M.Sc. handed in: Quantifying land cover change using remote sensing data in a transboundary protected area

M.Sc. handed in: Quantifying land cover change using remote sensing data in a transboundary protected area

May 16, 2017

Henrike Schulte to Bühne handed in her M.Sc. thesis “Quantifying land cover change using remote sensing data in a transboundary protected area” supervised by Nathalie Pettorelli (ZSL) and me. From the abstract: Biodiversity is declining at unprecedented rates as a result of global environmental change, threatening ecosystem stability and resilience, on which human well-being ultimately depends. Transboundary cooperation is being promoted as an effective way to conserve biodiversity that straddles national borders. However, monitoring the ecological outcomes of these large-scale endeavours is challenging, and as a result, the factors and processes likely to shape their effectiveness remain poorly identified and understood. To address this knowledge gap, this thesis quantified loss and fragmentation of natural vegetation across the W-Arly-Pendjari transboundary protected area complex, a key biodiversity hotspot in West Africa. Land cover maps for 2000, 2006 and 2013 were generated by combining open source optical remote sensing data with spectral change analyses and supervised classification algorithms to quantify loss and fragmentation of natural vegetation as a result of agricultural expansion. There was widespread agricultural expansion outside protected areas between 2000 and 2013, whereas expansion was limited inside protected areas. Additionally, natural vegetation was less fragmented inside than outside protected areas. Protected areas with high protection status appeared considerably more effective at preventing land conversion, and had less fragmented natural vegetation, than other protected areas. There were marked differences in cropland expansion rates between countries, which might be linked to differences in rural population growth. Altogether, these results indicate that transboundary protected areas can be relatively successful at reducing human pressure on biodiversity. However, there can be considerable spatial heterogeneity in anthropogenic pressure across transboundary protected area complexes, which highlights the need for more comprehensive assessments of this mode of biodiversity protection; these assessments could capitalise on the current  availability of remote sensing information.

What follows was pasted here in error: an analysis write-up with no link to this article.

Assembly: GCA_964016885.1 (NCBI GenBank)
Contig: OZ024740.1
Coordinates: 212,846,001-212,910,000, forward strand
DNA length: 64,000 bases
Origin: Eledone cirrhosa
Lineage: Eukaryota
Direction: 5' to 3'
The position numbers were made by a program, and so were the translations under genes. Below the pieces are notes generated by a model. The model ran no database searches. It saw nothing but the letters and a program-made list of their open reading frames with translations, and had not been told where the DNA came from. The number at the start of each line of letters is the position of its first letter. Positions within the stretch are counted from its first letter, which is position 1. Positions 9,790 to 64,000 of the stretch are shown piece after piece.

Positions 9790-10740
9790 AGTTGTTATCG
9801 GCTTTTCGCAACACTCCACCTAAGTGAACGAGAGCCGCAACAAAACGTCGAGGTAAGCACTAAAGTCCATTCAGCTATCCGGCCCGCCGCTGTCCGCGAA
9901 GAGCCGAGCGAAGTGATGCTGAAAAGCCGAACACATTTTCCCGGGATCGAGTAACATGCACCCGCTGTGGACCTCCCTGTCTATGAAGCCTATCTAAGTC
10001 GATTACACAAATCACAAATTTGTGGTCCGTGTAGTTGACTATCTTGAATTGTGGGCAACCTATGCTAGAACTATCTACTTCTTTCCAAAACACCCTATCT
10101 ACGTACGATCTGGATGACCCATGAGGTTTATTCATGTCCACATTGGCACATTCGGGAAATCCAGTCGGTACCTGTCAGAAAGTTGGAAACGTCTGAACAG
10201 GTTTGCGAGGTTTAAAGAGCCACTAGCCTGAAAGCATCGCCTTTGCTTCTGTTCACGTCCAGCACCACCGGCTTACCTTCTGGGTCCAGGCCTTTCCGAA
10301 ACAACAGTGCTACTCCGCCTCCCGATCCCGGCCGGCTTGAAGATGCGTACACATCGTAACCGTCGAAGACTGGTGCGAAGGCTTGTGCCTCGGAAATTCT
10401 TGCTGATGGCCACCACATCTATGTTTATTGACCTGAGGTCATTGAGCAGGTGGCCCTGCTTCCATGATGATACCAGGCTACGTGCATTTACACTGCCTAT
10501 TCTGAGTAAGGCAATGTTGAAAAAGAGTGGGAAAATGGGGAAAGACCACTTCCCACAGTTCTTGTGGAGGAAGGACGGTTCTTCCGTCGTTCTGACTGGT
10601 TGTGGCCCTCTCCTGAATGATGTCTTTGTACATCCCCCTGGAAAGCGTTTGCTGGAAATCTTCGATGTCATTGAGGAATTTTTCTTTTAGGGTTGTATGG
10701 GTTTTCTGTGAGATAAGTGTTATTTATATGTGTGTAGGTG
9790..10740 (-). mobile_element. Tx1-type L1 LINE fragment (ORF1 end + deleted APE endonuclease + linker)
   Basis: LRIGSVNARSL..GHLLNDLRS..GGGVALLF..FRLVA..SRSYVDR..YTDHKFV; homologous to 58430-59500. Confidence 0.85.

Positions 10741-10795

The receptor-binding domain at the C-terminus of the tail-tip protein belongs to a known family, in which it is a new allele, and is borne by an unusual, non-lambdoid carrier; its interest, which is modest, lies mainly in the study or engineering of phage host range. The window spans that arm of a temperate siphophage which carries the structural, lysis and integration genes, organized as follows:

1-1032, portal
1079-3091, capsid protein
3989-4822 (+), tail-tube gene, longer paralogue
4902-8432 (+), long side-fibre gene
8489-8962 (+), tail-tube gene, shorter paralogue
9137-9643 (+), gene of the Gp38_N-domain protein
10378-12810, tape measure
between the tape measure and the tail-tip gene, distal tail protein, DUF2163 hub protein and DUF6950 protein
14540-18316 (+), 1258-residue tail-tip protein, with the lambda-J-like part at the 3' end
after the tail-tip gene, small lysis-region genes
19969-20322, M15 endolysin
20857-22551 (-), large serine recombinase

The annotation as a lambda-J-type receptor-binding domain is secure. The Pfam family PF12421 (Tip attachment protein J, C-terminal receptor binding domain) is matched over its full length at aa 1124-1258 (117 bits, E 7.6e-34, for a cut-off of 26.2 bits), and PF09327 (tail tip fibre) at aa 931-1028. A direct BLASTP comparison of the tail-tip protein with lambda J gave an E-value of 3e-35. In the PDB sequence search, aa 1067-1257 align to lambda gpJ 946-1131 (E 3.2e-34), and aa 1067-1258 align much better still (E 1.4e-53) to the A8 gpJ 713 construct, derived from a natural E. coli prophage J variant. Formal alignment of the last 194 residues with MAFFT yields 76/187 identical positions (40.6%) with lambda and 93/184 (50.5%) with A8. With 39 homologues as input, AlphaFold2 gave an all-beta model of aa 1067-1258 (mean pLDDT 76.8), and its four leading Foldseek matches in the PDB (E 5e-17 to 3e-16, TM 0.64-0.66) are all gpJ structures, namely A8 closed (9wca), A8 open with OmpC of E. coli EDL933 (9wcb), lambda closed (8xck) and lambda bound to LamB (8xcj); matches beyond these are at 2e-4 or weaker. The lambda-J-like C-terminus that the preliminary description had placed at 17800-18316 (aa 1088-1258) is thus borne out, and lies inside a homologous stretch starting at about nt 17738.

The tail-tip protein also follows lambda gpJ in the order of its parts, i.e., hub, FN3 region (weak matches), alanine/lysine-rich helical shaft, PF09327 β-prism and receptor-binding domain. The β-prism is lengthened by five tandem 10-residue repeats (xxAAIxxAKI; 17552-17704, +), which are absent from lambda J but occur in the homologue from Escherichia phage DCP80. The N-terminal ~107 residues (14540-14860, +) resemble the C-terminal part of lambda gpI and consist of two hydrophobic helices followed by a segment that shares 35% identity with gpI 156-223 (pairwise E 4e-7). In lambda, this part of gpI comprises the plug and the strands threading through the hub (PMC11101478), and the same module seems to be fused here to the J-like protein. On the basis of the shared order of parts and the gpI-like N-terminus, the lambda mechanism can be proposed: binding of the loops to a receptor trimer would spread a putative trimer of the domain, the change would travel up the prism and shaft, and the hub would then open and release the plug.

you may also like:

Presentations at the EARSeL conference in Manchester

Presentations at the EARSeL conference in Manchester

Presentations at the EARSeL conference in Manchester   Dr. Marta Sapena and Dr. John Friesen represented the Earth Observation Center (EOC) of the German Aerospace Center (DLR) and our Earth Observation Research Cluster (EORC) this week at the EARSeL conference...

Our PhD candidate Ines Standfuss teaches at AniMove

Our PhD candidate Ines Standfuss teaches at AniMove

Our PhD candidate Ines Standfuss is teaching remote sensing for animal movement analysis this year at MPI at Lake Constanze. The AniMove science school has been founded more than ten years ago together with MPI and other organisations such as Smithsonian joined in the...

television and radio coverage about urban measurements

television and radio coverage about urban measurements

Our urban research got covered by TV and radio where we had the chance to explain the relevance of urban monitoring via remote sensing methods as well as in-situ devices (in cooperation with Prof. Marco Schmidt) especially for adaptation and mitigation potential of...

“Super Test Site Würzburg” – from the idea to realization

“Super Test Site Würzburg” – from the idea to realization

The "Super Test Site Würzburg" originated as an idea at the "Geolingual Studies Workshop", which our Geolingual Studies team (Prof. Biewer, Prof. Taubenböck) organized last year - we had reported on it: https://remote-sensing.org/geolingual-studies-workshop-day-1-2/ ;...

Two new Msc graduates Caroline and Helena

Two new Msc graduates Caroline and Helena

We are very happy to congratulate Caroline Goehner and Helena Wehner for successfully defending their thesis on alpine research and ibis environment analysis.  Great to see their journey through the eagle program, their technical advances, gaining hands-on...

Science and teaching at UFS

Science and teaching at UFS

The research and teaching activities of our University at the research station Schneefernerhaus on Zugspitze are increasing steadily and becoming more diverse. Ongoing and planned courses and science projects range from topics in informatics, astronomy to medicine and...